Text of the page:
Paris Housing Market Lures Most Foreigners in 15 Years

The proportion of foreigners buying Paris apartments climbed to the highest in 15 years in the first half as they took advantage of falling prices.

Foreign purchasers accounted for 8.3 percent of the total, up from 7.8 percent a year earlier, according to data compiled by notaries published today. Ninety percent of non-French buyers of apartments already live in the capital, according to the report. The biggest group are Italians, which make up 17 percent of the foreign purchasers, followed by the Chinese with 6.5 percent.

Foreigners “are confident in French property,” Thierry Delesalle, a Paris-based notary, said at a briefing in the city today. “They haven’t been so much prevalent in 15 years,”

Real estate prices in Paris have dropped 3.7 percent since peaking in the third quarter 2012, according to notaries and national statistics office Insee. Values are expected to decline further in the second half as the government attempts to cap rents, which would make homes less attractive as an investment.

Apartment prices, which averaged 8,120 euros ($10,500) a square meter in the three months through June, may drop by 0.8 percent in the third quarter based on preliminary contracts, and probably will fall to less than 8,000 euros by the end of the year, Delesalle said.

‘Falling Returns’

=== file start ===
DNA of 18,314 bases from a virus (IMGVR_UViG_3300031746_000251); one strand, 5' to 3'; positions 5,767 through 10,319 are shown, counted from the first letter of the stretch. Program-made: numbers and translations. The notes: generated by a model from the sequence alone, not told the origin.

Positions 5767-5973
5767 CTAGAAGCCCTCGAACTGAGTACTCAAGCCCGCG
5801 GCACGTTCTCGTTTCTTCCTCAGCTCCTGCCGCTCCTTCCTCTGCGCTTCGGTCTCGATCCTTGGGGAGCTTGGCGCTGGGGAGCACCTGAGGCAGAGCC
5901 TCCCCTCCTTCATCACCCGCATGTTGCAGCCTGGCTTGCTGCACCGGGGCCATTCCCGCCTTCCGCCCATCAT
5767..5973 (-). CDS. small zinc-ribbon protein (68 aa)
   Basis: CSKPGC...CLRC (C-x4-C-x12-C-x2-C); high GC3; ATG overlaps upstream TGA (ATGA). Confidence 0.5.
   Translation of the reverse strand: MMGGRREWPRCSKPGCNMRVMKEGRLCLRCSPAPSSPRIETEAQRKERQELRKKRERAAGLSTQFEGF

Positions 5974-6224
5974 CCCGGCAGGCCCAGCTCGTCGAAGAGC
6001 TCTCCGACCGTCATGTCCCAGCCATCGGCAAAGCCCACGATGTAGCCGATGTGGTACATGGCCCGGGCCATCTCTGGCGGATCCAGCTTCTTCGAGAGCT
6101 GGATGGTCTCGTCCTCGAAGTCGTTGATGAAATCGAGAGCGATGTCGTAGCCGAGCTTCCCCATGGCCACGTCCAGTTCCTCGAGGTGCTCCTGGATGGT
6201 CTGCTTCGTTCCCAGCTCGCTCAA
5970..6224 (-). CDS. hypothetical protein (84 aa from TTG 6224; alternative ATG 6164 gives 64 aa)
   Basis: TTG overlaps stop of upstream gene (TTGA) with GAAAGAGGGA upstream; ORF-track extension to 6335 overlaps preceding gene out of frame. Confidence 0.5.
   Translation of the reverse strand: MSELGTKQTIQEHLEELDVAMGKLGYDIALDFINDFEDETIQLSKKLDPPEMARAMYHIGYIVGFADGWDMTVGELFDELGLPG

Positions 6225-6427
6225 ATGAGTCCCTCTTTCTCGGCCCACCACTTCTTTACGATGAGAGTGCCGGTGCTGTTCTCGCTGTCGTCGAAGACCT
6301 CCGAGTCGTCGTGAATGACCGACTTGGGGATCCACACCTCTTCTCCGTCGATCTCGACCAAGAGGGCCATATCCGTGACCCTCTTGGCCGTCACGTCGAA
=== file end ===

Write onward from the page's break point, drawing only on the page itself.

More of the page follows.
“The drop may quicken if sellers agree to negotiate,” said Frederic Dumont, a notary based in Montreuil, near Paris. “The price trend is making buyers more cautious and investors tend to stay away, discouraged by taxes, falling returns and threats to cap rents.”

A dearth of homes on the market has prevented properties from losing more value. To encourage homebuilders to be more active, the government last month said it will temporarily cut some taxes on land sales, loosen rules on buy-to-let investments and roll out rent controls in Paris on an experimental basis only. It also pledged to free up more plots for development, invest more in housing and loosen building rules.

“We’re somewhat skeptical about the effectiveness of these measures, which are good but temporary,” Delesalle said. “We need stable measures because it takes 4, 5 or 6 years to get a building done from scratch.”

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